Your Letters

I noted a great disconnect between the editorial (\"The Jewish Tax,\" April 13) and the cover story on the Skirball Museum (\"Skirball at Five,\" April 13).
April 19, 2001

Jewish Tax

I noted a great disconnect between the editorial (“The Jewish Tax,” April 13) and the cover story on the Skirball Museum (“Skirball at Five,” April 13). The editorial correctly noted the high financial burden borne by Jewish families paying for day school and camps. The article urged creative steps to help ease this burden including “massively funded regional endowments.”

The $45 million Cotsen Auditorium is about to be supplemented by the $34 million Winnick Heritage Hall that will help “teach children about the immigrant experience.” Almost all of this no doubt has been funded by money from members of the Jewish community.

A $79 million endowment could generate close to $5 million annually in scholarships for Jewish camps and day schools without even touching the principal. The scholarships could be provided each year in perpetuity. Add to that the amount the Los Angeles-based Museum of Tolerance will be spending on a new campus in Israel, and you see the high cost of certain decisions.

In order to solve the important questions addressed in the editorial, the Jewish community needs to ask hard questions about how its priorities are reflected in its expenditures.

Lawrence Weinman, Los Angeles

Thanks to Rob Eshman for his valuable and insightful editorial. Every day — not just April 15 — parents and grandparents are confronted with the cost of “doing Jewish.” As a community, we have no idea of the number of families lost to our future because of financial costs.

The communal sophistication Eshman describes is an important template for discussion. As one with deep concerns and commitment to a Jewish future, I would like to join others to continue this discussion and, perhaps, work on solutions.

Esther Lerner Brenner

Strasser and Smith

As one of your appreciative yet grammatically challenged readers, I would like to lend my support to Teresa Strasser for the refreshingly conversational, intimate tone of her writing (“Grammar Police,” April 13). I find her essays to be insightful, entertaining and particularly risk-taking in the way she exposes her personal life and vulnerabilities.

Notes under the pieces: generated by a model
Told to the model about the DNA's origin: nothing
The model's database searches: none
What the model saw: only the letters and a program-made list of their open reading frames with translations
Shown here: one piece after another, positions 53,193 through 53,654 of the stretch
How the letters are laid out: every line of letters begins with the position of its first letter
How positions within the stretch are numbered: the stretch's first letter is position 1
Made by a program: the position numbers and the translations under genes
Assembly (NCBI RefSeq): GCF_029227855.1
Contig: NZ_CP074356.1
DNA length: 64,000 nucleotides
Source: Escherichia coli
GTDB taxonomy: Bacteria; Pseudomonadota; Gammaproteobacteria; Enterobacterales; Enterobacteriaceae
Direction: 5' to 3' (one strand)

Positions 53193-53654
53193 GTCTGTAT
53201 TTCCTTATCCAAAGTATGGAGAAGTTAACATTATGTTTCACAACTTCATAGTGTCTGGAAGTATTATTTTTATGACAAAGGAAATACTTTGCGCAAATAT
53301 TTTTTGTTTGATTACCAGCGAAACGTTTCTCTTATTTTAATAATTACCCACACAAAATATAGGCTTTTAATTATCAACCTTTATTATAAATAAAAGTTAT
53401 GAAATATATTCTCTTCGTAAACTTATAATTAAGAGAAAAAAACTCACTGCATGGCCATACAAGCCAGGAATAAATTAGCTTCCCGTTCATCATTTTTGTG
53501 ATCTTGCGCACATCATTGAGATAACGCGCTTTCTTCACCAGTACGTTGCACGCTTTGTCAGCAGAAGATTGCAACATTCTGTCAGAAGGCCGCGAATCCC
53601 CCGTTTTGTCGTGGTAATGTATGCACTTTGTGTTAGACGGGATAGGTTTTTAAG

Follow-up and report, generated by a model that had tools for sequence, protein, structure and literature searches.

Those who incessantly criticize her can choose to not read her column and put their spare time and energy toward a worth cause, such as fighting hate crime. Better yet, with their fine grasp of the English language, tutoring school children or volunteering for a literacy program would be a productive alternative.

Carol Schneider, Los Angeles

Considering Los Angeles is teeming with brilliant talent in all of the arts, it’s frankly shocking that you can do no better than hiring the likes of Teresa Strasser and J.D. Smith. Neither imbue their writing with anything remotely spiritual, let alone Jewish.

Elements of Judaism, whether religious or spiritual, should be integral elements in a column by, for and about Jewish singles. Instead, Strasser uses the column as an outlet for her uninspired free-associative styled blatherings about secular insights that only she finds insightful. Smith uses the column as a stage for his archaic, passe, “self-hating Jew” stories about both his and his friends’ pathetic accounts of their situations with women.

Considering that Marlene Adler Marks writes about things worth reading, weaves Jewish threads into her column and always writes in an engaging style, I know that The Jewish Journal is capable of finding good writers.

Morley Beth Sobo, Los Angeles

Death Penalty

It is encouraging that with the understandable exception of Buford Furrow’s victims at the North Valley Jewish Community Center and the family of Joseph Ileto, the man Furrow killed, everyone in your story expressed satisfaction that justice had been served by sentencing Furrow to life in prison rather than the death penalty (“Furrow Sentenced,” March 30).

This is in keeping with Jewish tradition. Talmudic rabbinical interpretations for the last 1,800 years have essentially eliminated capital punishment by requiring two witnesses to testify not only that they personally witnessed the crime but that they warned the perpetrator beforehand that he would be executed, that he acknowledged the warning and proceeded in spite of it.

Consequently, the Central Conference of American Rabbis and the Union of American Hebrew Congregations of the Reform movement have since 1959 opposed the death penalty. Last June, the Union of Orthodox Jewish Congregations endorsed the national call for a moratorium on capital punishment initiated in 1997 by the American Bar Association.

As national standards of decency evolve in the direction of joining all other civilized countries that have abolished capital punishment, it is fitting and proper that the Jewish community acknowledges that it is wrong to kill to show that killing is wrong.

Stephen F. Rohde, Secretary Progressive Jewish Alliance

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